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Justice News

Department of Justice
U.S. Attorney’s Office
District of Massachusetts

FOR IMMEDIATE RELEASE
Tuesday, September 21, 2021

Former Fall River Mayor Sentenced to Six Years in Federal Prison

BOSTON – Jasiel F. Correia II, the former Mayor of Fall River, Mass., was sentenced today in connection with a scheme to defraud investors and extorting and conspiring to extort marijuana vendors for hundreds of thousands of dollars.

Correia, 29, was sentenced by U.S. District Court Senior Judge Douglas P. Woodlock to six years in prison and three years of supervised release. The government recommended 11 years in prison. The judge reserved judgment on restitution and forfeiture for a later date.

On May 14, 2021, Correia was convicted by a federal jury of nine counts of wire fraud, four counts of filing false tax returns, four counts of extortion conspiracy and four counts of extortion. Judge Woodlock dismissed six counts of wire fraud and two counts of filing false tax returns, for which the jury convicted Correia.

In October 2018, Correia was indicted on charges of wire fraud and filing false tax returns. He was subsequently charged in a superseding indictment in September 2019 with, among other crimes, extortion conspiracy and extortion.

“Jasiel Correia was a corrupt and deceitful politician who could only be stopped by federal prosecution. Now he is a felon and will be a federal inmate,” said Nathaniel R. Mendell, Acting United States Attorney for the District of Massachusetts. “Mr. Correia lied to investors, sold his office, and has no remorse for his crimes. That warrants a significant prison term, which is why the government recommended an 11-year sentence.”

“Jasiel Correia’s conscious decision to fleece investors, extort hundreds of thousands of dollars in bribes, and cheat on his taxes has now cost him his freedom. He has proven to be a pervasive liar who has shown absolutely no remorse or empathy for his victims, and today he has been held accountable. Sadly, his actions have further eroded the public’s trust in government, and deeply hurt the citizens of Fall River,” said Joseph R. Bonavolonta, Special Agent in Charge of the Federal Bureau of Investigation, Boston Division. “Let his sentence serve as a stark reminder that if you commit crimes, your status as an elected official will not protect you. The FBI is committed to rooting out public corruption and holding officials like him accountable.”

“As the Mayor of Fall River, Jasiel Correia held the public’s trust in his hands and was positioned to serve those individuals that elected him. Instead, he squandered that opportunity and was exposed as a corrupt politician,” said Joleen D. Simpson, Special Agent in Charge of the Internal Revenue Service-Criminal Investigation Division, Boston Field Office. “It is a shame that an individual with such a bright future decided to misuse his elected office for personal gain.  Today’s sentencing sends a clear message that corrupt public officials will pay dearly for the choices they make.”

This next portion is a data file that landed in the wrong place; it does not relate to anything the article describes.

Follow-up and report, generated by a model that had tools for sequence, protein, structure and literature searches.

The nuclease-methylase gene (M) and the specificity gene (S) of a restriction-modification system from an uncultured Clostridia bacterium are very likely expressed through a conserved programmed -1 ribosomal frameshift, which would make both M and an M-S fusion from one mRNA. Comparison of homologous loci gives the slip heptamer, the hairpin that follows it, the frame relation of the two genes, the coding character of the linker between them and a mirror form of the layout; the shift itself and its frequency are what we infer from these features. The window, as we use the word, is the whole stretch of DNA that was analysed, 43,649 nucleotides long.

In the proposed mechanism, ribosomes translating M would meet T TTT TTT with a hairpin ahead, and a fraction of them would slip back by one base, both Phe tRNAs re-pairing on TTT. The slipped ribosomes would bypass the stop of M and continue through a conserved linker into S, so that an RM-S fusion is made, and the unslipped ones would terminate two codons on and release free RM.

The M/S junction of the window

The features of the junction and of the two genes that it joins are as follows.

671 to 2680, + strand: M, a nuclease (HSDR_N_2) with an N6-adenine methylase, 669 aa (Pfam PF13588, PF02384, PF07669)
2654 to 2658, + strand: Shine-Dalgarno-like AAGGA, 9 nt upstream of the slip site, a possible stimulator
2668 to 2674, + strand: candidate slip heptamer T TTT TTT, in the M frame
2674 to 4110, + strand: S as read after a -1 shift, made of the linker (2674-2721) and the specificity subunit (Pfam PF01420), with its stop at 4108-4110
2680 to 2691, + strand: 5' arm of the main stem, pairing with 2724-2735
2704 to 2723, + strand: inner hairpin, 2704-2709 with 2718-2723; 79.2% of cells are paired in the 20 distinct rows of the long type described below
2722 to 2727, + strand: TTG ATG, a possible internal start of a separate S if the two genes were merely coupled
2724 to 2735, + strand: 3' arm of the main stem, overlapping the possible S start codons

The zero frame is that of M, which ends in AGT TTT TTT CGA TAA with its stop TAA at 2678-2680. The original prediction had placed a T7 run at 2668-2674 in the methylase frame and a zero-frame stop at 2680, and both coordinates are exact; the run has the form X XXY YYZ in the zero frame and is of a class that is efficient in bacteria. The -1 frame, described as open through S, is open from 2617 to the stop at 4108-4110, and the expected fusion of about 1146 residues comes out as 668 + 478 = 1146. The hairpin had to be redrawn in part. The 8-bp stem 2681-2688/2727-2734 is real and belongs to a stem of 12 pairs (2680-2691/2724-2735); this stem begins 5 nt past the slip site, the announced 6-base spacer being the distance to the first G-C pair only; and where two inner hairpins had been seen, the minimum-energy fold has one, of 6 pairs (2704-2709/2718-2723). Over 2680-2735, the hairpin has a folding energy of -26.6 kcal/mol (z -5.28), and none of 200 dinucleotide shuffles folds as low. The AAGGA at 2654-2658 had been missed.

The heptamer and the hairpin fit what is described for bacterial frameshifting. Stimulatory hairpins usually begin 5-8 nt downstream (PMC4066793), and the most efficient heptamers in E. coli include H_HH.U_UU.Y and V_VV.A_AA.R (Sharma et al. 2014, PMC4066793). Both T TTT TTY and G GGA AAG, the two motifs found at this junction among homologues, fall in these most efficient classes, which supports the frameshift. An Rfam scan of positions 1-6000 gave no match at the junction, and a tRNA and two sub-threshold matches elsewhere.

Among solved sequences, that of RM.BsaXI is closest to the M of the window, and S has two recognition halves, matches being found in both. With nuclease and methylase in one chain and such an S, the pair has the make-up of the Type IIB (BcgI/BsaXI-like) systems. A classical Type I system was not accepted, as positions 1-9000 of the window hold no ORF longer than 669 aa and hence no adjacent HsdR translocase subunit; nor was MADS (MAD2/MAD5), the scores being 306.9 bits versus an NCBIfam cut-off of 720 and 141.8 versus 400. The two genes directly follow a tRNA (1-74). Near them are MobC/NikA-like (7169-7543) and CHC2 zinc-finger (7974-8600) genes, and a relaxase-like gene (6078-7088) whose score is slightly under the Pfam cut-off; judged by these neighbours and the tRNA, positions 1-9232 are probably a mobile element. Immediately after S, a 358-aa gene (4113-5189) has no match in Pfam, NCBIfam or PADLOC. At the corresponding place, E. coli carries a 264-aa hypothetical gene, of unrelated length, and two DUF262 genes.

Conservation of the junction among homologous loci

“Jasiel Correia abused the public trust,” said Massachusetts Inspector General Glenn A. Cunha. “His sentencing should serve as a reminder that the Massachusetts Inspector General and our federal partners will ensure that officials who enrich themselves at the public’s expense will pay a personal price.”

In 2012, Correia founded SnoOwl, an app designed to connect local businesses with their target consumer market. Seven individuals invested a total of approximately $360,000 in SnoOwl. Correia used approximately $230,000 – 64% of the money invested – to fund his own lavish lifestyle, burgeoning political career and other business ventures. Specifically, Correia used the investment funds to purchase tens of thousands of dollars of luxury items, including a Mercedes, jewelry and designer clothing; to pay for personal travel and entertainment, including tens of thousands of dollars on airfare, hotels, restaurants, casinos and adult entertainment; to pay down personal student loan debt; to fund his political campaign; and to make charitable donations in his own name.

To conceal his theft of funds from investors, Correia refused to provide the company’s financial records and gave false positive updates on SnoOwl’s status. Additionally, in May 2017, Correia instructed an accountant to file amended 2013 and 2014 personal tax returns in an effort to conceal his fraudulent activity from the IRS.

After taking office as Fall River Mayor in January 2016, Correia agreed to issue non-opposition letters to marijuana vendors in return for cash bribes and other payments. Under Massachusetts law, non-opposition letters from the head of local government are required in order to obtain a license to operate a marijuana business. Correia, as Mayor, was solely responsible for approving all non-opposition letters in Fall River. In addition, applicants seeking marijuana licenses are required to enter into host community agreements, between the marijuana company and the local government, stating that the company will give up to 3% of its gross sales to the local government.

Four marijuana vendors agreed to pay bribes ranging from over $75,000 up to $250,000 in cash, campaign contributions and mortgage discharges to Correia and his co-conspirators in return for non-opposition letters and host community agreements.

Acting U.S. Attorney Mendell; FBI Boston SAC Bonavolonta; IRS-CI SAC Simpson; Christina Scaringi, Special Agent in Charge of the U.S. Department of Housing and Urban Development, Office of Inspector General, Northeast Regional Office; and Massachusetts Inspector General Cunha made the announcement today. Assistant U.S. Attorneys Zachary Hafer, David Tobin, Carol E. Head and Mark T. Quinlivan of Mendell’s Office prosecuted the case.

Topic(s): 
Public Corruption
Component(s): 
Updated September 29, 2021